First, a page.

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6 Steps to the Perfect Co-op Lawn

A great lawn starts with great care. To prevent damaged lawn and encourage healthy growth, its best to take steps up front rather than try to fix what's already on the decline. It's easier to feed and thatch grass in the spring than it is to revive dead patches in the heat of summer.

healthy grass at cedarwood housing cooperative

But why? Why should we care about having a perfect lawn? Well, it isn't all about bragging rights around the housing cooperative neighborhood. Good healthy grass can help keep pests and rodents away, provide a welcoming surface area for gatherings, improve your co-op's curb appeal and give you a sense of satisfaction.

Using the following 6 steps will get you on the right track to improving and maintaining an optimal lawn no matter where you are.


You eat roughly 3 times per day. Your lawn needs to eat regularly too. How regularly depends on what type of fertilizer you use. Your choices are many, but new studies suggest that choosing organic feeding options is best. In fact, synthetic fertilizers have proven to be not as effective as organic in keeping rich, green grass with a healthy root system. Plus, it's better for the environment and your family.

compost at housing cooperative

Compost from your garden and household food scraps is a great way to fertilize your lawn, however, applying it can be tricky. It is suggested to make compost water instead, which essentially means placing compost into a bucket full of water and allow it to sit overnight. Then, using it to water your grass.

Another composting method is to purchase dehydrated compost from the store and apply a thin layer evenly over your lawn.


Thatching removes dead grass promoting new growth early on in the season. Aerating helps to loosen up the soil, making it easier for water and nutrients to seep deeper into the grass's root system. Do both in early spring and enjoy a healthy lawn all summer.

thatch lawn cedarwood cooperative


Cheap seeds rarely grow quality grass that can withstand drought, pests and foot traffic. In spring, and again in fall, sprinkle high quality grass seed on bare patches in your lawn. As a member of Cedarwood, you can grab seed for free from the office in spring while supplies last.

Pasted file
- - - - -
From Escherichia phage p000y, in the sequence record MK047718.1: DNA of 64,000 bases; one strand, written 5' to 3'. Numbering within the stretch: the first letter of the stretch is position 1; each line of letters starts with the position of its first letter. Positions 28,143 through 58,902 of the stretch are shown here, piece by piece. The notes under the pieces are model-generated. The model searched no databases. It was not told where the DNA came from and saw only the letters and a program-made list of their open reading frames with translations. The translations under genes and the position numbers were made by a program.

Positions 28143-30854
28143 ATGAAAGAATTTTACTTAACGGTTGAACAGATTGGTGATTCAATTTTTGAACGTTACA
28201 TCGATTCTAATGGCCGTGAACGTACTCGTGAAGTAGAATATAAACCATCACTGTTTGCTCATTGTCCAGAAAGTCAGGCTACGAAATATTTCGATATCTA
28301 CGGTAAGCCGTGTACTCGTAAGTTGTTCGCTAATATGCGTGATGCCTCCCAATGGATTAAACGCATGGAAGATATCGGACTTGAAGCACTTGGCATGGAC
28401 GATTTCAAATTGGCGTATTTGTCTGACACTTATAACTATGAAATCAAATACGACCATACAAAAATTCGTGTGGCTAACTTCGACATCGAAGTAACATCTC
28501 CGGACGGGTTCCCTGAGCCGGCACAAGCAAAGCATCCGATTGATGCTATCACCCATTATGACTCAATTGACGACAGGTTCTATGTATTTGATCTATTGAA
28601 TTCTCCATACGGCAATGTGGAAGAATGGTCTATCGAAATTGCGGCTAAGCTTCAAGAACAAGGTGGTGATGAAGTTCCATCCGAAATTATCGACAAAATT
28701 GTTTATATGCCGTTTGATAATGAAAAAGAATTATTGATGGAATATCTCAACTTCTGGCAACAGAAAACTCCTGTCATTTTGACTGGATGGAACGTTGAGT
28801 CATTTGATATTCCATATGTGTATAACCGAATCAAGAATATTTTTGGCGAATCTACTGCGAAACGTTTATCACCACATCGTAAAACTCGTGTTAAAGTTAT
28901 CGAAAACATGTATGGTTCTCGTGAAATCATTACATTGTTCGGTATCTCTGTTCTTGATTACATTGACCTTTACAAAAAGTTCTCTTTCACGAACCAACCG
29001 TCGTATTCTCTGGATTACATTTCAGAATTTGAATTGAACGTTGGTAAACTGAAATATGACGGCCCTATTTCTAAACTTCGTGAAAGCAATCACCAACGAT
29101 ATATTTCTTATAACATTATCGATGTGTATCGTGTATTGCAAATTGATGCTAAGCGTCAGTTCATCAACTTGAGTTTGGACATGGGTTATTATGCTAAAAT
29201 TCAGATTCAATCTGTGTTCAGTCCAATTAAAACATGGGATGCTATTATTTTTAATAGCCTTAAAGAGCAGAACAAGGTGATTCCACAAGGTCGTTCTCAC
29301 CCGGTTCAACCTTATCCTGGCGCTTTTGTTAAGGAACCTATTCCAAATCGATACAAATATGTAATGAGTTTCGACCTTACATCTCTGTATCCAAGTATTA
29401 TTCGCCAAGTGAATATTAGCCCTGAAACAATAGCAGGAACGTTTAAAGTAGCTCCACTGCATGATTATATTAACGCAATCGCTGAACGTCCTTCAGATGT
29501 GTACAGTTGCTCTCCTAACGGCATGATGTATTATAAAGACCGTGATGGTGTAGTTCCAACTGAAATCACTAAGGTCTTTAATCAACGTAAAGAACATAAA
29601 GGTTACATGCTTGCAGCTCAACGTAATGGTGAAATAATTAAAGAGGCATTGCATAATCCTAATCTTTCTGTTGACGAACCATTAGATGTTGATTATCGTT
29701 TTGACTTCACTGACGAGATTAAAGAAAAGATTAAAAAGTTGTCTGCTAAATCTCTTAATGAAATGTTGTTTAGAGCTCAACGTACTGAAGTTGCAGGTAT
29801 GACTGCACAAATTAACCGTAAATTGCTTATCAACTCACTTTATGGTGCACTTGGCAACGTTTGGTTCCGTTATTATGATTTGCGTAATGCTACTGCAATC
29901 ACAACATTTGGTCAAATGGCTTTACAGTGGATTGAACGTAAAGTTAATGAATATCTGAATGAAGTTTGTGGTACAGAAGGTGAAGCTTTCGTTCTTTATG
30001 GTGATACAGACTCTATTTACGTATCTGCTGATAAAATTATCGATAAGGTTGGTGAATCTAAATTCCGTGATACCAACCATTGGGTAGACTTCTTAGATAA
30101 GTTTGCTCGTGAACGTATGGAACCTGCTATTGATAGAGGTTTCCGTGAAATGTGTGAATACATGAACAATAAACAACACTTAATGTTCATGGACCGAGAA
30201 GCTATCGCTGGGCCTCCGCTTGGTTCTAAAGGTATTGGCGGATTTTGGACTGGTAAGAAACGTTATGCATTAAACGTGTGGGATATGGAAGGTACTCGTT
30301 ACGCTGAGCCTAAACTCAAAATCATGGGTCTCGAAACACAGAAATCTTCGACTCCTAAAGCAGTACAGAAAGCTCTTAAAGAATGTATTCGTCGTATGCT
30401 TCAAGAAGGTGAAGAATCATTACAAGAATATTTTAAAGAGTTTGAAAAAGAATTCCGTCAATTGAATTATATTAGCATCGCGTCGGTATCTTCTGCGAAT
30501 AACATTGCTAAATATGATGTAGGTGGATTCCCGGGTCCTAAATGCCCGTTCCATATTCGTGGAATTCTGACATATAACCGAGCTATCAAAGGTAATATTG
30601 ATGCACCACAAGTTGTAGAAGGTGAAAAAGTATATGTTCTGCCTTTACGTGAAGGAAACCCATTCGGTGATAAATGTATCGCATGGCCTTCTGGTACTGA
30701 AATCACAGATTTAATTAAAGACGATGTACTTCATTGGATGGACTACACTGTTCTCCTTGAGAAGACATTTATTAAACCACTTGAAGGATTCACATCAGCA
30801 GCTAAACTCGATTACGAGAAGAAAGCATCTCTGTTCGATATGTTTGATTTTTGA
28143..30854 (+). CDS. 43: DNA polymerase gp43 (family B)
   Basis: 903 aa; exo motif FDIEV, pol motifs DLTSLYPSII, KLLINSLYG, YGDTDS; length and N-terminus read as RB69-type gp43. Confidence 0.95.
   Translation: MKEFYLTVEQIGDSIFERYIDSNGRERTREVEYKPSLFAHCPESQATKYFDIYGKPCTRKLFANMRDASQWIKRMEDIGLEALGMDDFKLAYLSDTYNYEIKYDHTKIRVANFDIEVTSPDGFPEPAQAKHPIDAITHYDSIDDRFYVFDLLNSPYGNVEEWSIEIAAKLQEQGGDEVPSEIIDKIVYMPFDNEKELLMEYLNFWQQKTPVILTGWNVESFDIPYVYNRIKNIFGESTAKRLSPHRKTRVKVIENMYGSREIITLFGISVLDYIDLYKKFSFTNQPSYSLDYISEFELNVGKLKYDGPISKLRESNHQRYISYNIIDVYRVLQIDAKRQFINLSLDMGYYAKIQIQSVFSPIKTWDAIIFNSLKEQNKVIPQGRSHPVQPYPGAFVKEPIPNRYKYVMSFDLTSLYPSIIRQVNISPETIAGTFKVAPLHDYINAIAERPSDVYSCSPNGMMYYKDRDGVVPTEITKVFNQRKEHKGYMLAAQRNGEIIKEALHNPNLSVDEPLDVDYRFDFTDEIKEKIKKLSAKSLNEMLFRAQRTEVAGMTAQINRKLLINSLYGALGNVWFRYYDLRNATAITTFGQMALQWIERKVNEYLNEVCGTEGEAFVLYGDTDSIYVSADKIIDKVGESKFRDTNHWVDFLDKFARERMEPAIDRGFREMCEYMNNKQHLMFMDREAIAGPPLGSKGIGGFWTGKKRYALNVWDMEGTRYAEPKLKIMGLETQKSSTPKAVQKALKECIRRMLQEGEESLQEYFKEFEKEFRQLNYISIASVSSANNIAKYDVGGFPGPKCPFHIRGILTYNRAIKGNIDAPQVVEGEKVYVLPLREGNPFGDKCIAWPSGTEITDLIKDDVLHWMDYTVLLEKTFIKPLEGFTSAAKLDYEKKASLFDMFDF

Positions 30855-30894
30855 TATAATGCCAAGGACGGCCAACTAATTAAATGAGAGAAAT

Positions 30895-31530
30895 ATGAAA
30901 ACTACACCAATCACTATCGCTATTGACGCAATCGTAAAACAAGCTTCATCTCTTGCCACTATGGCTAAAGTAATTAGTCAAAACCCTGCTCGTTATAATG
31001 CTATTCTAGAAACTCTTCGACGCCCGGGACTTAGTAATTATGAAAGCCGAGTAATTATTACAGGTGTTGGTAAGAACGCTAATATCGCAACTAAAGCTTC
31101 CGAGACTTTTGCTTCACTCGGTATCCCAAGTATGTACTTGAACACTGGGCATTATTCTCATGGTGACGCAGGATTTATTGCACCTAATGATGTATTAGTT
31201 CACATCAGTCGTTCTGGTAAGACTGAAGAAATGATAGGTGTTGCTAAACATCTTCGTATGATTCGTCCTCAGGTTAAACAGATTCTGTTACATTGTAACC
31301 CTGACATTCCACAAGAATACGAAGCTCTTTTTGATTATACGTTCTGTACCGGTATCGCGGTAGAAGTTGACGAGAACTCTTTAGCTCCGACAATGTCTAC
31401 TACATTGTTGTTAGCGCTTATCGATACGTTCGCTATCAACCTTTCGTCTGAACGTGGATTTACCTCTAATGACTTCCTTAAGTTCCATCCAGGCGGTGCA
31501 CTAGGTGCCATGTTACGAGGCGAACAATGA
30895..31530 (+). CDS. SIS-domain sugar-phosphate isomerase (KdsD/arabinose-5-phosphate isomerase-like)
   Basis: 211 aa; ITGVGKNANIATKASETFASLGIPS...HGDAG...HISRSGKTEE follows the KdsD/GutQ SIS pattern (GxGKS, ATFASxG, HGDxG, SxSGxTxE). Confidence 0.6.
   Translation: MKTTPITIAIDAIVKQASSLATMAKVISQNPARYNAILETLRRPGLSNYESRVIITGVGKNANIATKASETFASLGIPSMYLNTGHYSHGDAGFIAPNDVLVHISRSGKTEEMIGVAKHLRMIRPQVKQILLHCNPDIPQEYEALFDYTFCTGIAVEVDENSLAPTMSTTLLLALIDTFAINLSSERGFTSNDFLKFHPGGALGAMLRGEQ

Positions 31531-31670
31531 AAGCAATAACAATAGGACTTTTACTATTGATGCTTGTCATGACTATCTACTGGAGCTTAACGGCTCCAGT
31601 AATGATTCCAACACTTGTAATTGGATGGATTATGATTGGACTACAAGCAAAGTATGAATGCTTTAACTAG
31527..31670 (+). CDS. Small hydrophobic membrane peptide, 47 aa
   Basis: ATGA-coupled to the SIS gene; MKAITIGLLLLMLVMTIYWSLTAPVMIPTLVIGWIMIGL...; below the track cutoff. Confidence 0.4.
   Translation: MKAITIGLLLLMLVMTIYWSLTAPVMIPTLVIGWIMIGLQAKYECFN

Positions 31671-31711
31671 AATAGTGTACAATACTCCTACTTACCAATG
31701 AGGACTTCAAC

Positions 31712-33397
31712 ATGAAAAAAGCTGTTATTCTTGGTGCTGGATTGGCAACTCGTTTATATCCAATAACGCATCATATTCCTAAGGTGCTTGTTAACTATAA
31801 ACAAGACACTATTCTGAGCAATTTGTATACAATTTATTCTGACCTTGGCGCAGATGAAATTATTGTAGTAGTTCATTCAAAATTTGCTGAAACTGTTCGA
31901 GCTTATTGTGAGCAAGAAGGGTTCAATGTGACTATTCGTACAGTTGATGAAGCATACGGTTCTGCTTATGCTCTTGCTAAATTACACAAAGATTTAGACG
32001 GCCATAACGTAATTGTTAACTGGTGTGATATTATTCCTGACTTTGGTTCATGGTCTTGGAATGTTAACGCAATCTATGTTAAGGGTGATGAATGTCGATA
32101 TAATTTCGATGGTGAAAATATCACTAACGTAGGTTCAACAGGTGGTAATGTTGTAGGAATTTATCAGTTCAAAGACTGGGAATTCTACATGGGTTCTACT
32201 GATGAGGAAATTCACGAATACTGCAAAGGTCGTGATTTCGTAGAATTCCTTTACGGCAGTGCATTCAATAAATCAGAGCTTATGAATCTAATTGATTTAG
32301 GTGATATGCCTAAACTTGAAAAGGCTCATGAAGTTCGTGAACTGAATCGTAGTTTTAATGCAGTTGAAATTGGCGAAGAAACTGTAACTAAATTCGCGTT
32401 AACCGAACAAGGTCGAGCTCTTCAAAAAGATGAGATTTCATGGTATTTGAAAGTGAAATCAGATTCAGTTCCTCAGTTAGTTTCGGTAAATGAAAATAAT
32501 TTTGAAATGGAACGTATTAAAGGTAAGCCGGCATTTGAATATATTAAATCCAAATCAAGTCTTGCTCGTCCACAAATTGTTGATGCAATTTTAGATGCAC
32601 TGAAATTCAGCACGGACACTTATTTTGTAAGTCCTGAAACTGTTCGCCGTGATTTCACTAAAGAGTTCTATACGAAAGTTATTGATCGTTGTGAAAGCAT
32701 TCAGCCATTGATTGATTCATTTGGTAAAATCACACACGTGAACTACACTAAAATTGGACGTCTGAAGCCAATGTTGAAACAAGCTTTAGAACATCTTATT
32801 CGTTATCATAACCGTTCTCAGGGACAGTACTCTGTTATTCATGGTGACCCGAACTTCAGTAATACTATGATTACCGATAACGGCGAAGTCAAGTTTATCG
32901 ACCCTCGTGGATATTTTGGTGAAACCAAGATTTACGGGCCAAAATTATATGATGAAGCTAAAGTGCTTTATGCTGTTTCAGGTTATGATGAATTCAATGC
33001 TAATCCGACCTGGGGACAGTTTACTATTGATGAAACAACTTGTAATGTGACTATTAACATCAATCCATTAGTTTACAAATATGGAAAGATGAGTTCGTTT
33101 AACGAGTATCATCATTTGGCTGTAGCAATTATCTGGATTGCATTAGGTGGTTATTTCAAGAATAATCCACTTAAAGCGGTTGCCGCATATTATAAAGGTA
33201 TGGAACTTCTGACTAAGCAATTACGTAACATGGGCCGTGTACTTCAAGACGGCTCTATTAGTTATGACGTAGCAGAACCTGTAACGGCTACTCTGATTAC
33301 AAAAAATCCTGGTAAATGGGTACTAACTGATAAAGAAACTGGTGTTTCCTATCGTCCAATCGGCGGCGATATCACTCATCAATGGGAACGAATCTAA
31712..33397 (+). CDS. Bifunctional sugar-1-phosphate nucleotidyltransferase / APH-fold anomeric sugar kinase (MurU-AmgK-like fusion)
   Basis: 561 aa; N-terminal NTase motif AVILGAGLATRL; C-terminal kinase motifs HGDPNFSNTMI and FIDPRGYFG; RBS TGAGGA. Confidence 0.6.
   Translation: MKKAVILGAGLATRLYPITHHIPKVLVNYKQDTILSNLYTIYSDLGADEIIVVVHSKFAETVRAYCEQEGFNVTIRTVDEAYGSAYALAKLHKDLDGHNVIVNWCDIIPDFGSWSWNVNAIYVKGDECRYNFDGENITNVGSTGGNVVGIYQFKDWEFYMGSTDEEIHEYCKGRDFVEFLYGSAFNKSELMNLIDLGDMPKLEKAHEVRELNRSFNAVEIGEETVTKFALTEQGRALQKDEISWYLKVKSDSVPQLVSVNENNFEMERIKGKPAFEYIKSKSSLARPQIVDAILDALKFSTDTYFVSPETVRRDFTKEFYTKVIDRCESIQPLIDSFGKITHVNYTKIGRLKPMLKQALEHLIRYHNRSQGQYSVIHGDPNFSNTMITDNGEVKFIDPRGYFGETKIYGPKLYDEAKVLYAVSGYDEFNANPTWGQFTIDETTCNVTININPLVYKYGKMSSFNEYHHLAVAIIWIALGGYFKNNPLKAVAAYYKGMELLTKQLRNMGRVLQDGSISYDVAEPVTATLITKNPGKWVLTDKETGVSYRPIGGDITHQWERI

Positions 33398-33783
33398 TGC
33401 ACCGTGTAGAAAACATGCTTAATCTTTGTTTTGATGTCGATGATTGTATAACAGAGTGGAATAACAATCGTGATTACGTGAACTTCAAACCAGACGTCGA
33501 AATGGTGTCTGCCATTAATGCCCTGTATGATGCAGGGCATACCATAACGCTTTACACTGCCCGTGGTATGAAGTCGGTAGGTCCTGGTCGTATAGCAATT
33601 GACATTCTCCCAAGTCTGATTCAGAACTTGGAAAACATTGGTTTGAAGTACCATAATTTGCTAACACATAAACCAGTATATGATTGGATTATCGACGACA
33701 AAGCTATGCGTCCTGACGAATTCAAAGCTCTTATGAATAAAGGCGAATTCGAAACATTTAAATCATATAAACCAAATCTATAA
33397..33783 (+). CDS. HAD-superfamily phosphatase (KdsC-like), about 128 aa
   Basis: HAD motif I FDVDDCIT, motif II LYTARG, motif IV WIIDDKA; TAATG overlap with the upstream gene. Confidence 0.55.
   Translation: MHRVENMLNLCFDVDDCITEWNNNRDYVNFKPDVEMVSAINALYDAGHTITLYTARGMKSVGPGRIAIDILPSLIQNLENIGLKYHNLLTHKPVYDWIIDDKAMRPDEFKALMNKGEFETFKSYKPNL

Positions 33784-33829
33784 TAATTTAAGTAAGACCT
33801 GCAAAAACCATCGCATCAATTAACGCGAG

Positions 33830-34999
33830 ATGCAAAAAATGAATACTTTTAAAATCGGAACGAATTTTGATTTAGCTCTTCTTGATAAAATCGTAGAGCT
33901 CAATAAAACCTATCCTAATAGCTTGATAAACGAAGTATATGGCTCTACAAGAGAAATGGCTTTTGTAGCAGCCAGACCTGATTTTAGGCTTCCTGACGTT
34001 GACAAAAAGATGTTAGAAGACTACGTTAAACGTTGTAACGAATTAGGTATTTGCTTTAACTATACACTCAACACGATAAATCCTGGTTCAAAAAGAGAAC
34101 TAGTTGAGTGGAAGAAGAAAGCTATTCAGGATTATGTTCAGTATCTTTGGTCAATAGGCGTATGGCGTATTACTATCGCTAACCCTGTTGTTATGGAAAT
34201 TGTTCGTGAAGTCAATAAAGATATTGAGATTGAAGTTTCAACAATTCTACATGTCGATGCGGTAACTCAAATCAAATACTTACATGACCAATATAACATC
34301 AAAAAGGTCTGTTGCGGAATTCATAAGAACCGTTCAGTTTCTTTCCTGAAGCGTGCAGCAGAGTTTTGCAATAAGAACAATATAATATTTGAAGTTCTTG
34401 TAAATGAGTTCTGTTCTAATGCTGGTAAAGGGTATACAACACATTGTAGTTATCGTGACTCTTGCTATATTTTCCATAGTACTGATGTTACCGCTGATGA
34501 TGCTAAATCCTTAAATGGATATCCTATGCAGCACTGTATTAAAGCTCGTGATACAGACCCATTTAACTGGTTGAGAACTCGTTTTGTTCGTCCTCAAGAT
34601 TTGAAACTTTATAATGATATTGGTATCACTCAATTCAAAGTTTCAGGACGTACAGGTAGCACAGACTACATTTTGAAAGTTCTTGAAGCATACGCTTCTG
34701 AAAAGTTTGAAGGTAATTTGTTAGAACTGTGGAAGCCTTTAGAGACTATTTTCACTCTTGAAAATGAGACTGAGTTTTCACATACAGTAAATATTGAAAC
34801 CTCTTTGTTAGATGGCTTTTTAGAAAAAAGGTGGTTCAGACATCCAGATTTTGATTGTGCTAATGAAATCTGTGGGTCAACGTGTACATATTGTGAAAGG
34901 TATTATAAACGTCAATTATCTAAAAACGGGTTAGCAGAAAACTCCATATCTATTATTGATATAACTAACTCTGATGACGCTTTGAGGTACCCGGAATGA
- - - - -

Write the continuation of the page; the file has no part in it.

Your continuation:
healthy lawn at cedarwood cooperative


Synthetic weed killers do more harm than good. Roughly 60% of the chemicals make there way into our water supply, causing harm to our endocrine, reproductive and immune systems. In addition, these chemicals kill roughly 90% of earthworms in your dirt, which are extremely beneficial for a healthy lawn.

pull weeds at housing cooperative

Before weeds produce seeds, dig them up by the root with a small shovel. Discard them and fill in the small hole with a little dirt and grass seed. The good news s that a healthy lawn will actually prevent weeds by suffocating the seeds and preventing them from reaching maturity. When you focus more on getting your grass healthy, weeds naturally fall to the wayside.


After your lawn is in full growth mode, make sure you edge and trim regularly. A clean edge job can transform the look of a lawn instantly. I creates sharp lines that draw your attention to the lush greenery inside the borders, versus the ragged overgrowth that creeps onto the sidewalk when not in check. Trimming regularly achieves a similar effect.

trim lawn cedarwood


Watering in the heat of the day not only "burns" the blades of grass, but it also wastes water through evaporation. Instead, water in the evening when the sun has almost set to allow the water to soak in and actually hydrate the roots.

water lawn cedarwood

Also, to conserve water and naturally protect your lawn, leave grass clippings on the lawn every other mowing. Also, cut the grass higher and more often rather than lower and less often. Due to Cedarwood housing cooperative's lawn requirement, grass must remain below 3" so cut grass to a height of 2.5" and mow every week.

That's it! By following these 6 easy steps, you will have a green, lush, perfect lawn in no time. Have any tips on keeping your lawn healthy this summer? Leave a comment or contact us to let us know!

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